US begins process to set up Western Sahara consulate

Move comes weeks after US President Donald Trump’s administration recognised Morocco’s claim to the disputed territory.

Secretary of State Mike Pompeo says the US looks forward to 'increase engagement' in Western Sahara [File: Saul Loeb/Pool via Reuters]

The United States has started the process of establishing a consulate in Western Sahara, Secretary of State Mike Pompeo said on Thursday, just weeks after Donald Trump’s administration formally recognised Morocco’s claim to the disputed territory.

In a brief statement on Thursday, Pompeo said it was “inaugurating a virtual presence post for Western Sahara, with a focus on promoting economic and social development, to be followed soon by a fully functioning consulate”.

A virtual presence post allows US consular officials and staff to conduct remote, diplomatic engagement without maintaining a physical location in a designated city or region.

The State Department said the Western Sahara virtual presence post would be managed by the US embassy in Rabat, the Moroccan capital.

The Trump administration on December 10 announced it recognised Morocco’s claim to Western Sahara as part of a US-brokered deal that saw Morocco and Israel agree to establish formal diplomatic relations.

Morocco is the fourth country to sign a normalisation deal with Israel in the past months at the behest of the US, after the United Arab Emirates, Bahrain and Sudan.

The first direct commercial flight between Israel and Morocco took place this week, as an Israeli delegation left from Tel Aviv and landed in Rabat on Tuesday. Jared Kushner, Trump’s son-in-law and senior adviser, accompanied the Israeli delegation.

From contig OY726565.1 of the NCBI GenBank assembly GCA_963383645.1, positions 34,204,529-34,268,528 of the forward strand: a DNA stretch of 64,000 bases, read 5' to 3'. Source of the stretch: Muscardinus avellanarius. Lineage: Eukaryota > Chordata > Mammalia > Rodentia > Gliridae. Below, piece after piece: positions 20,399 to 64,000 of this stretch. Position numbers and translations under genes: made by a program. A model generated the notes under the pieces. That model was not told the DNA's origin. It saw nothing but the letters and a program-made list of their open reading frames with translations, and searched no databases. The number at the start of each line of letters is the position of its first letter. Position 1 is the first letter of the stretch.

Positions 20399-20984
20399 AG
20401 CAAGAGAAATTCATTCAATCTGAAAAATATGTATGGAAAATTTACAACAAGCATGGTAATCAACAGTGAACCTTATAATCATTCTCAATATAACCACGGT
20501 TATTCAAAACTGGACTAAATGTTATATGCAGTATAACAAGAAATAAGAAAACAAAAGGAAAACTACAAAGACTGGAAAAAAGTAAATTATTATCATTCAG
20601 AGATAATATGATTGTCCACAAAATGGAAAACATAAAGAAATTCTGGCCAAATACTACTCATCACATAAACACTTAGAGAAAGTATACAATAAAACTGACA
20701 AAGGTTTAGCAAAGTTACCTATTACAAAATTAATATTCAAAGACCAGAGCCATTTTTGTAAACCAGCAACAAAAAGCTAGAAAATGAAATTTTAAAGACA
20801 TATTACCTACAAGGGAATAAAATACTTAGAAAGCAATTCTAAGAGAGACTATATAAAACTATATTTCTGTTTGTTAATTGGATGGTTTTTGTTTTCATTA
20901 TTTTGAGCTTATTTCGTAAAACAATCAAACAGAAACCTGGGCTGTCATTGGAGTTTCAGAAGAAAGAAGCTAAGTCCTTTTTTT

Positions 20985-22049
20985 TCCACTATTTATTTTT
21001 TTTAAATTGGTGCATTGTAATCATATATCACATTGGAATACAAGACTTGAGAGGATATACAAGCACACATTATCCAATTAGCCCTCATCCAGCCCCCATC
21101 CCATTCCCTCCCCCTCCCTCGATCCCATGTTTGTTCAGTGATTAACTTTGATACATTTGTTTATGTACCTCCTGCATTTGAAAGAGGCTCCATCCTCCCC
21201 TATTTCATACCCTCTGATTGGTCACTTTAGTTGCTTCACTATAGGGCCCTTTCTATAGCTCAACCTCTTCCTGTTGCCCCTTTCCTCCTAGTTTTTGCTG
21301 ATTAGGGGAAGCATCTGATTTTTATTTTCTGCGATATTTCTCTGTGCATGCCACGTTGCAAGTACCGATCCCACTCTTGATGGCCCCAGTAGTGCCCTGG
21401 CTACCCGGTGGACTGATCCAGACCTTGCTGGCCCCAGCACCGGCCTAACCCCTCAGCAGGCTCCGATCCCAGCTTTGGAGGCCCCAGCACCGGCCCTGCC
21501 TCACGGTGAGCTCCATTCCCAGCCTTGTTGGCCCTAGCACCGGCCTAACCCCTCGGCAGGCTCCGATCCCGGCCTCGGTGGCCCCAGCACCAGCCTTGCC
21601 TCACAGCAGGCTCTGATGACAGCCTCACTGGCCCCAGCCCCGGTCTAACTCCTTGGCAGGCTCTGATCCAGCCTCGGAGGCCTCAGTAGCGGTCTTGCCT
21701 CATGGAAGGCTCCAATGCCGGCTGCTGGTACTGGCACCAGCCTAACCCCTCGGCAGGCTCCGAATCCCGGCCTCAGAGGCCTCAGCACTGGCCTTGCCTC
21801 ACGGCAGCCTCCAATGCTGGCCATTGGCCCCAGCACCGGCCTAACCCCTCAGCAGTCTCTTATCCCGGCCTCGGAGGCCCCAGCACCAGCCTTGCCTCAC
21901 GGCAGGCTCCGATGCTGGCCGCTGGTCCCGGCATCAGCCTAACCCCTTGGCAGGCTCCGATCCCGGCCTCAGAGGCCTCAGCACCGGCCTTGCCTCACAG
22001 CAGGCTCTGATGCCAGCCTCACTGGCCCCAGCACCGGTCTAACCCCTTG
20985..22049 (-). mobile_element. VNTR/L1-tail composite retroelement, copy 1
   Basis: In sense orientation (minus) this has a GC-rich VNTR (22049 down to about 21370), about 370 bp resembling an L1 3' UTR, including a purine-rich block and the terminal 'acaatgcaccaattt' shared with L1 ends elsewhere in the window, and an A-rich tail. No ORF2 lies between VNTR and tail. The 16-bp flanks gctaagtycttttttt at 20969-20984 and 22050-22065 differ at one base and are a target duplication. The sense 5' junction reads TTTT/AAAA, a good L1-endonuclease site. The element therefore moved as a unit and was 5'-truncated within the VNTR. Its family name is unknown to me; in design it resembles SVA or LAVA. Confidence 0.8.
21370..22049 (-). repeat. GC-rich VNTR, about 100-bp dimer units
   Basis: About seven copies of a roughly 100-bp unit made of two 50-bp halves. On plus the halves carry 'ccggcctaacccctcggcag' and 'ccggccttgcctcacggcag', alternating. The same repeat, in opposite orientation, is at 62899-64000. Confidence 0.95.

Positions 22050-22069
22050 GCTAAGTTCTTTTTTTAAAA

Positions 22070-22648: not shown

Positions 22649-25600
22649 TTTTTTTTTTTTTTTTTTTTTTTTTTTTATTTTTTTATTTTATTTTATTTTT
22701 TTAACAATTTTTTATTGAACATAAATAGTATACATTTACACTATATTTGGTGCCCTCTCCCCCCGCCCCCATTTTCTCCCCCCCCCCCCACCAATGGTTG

In a statement, Morocco’s King Mohammed VI said the US’s recognition of the country’s claim to Western Sahara is a “historic turning point” and described the normalisation deal with Israel, which was rejected by Palestinians, as a “promising development for peace in the Middle East”.

Decades-long fight

Moroccan forces and the Algeria-backed breakaway movement Polisario Front have been fighting over the Western Sahara – a vast area bordering Morocco, Mauritania and Algeria that was previously under Spanish control – for decades.

Washington’s recognition of Morocco’s claim to the area drew condemnation from the Polisario Front, which slammed it as “a blatant violation of the United Nations charter and the resolutions of international legitimacy”.

“This will not change an inch of the reality of the conflict and the right of the people of Western Sahara to self determination,” the Polisario’s Europe representative Oubi Bchraya said on December 10. “The Polisario will continue its struggle.”

The US was the first country in the world to recognise Morocco’s claim, William Lawrence, a professor of political science and international affairs at the American University, told Al Jazeera at the time.

“It’s a huge success for Moroccan diplomatic and lobbying efforts,” he said.

The US said it continues to support a Moroccan proposal to grant limited autonomy to Sahrawis under overarching Moroccan control.

“The United States looks forward to this increased engagement and we will continue to support political negotiations to resolve the issues between Morocco and the POLISARIO within the framework of Morocco’s autonomy plan,” Pompeo said in Thursday’s statement.

Source: Al Jazeera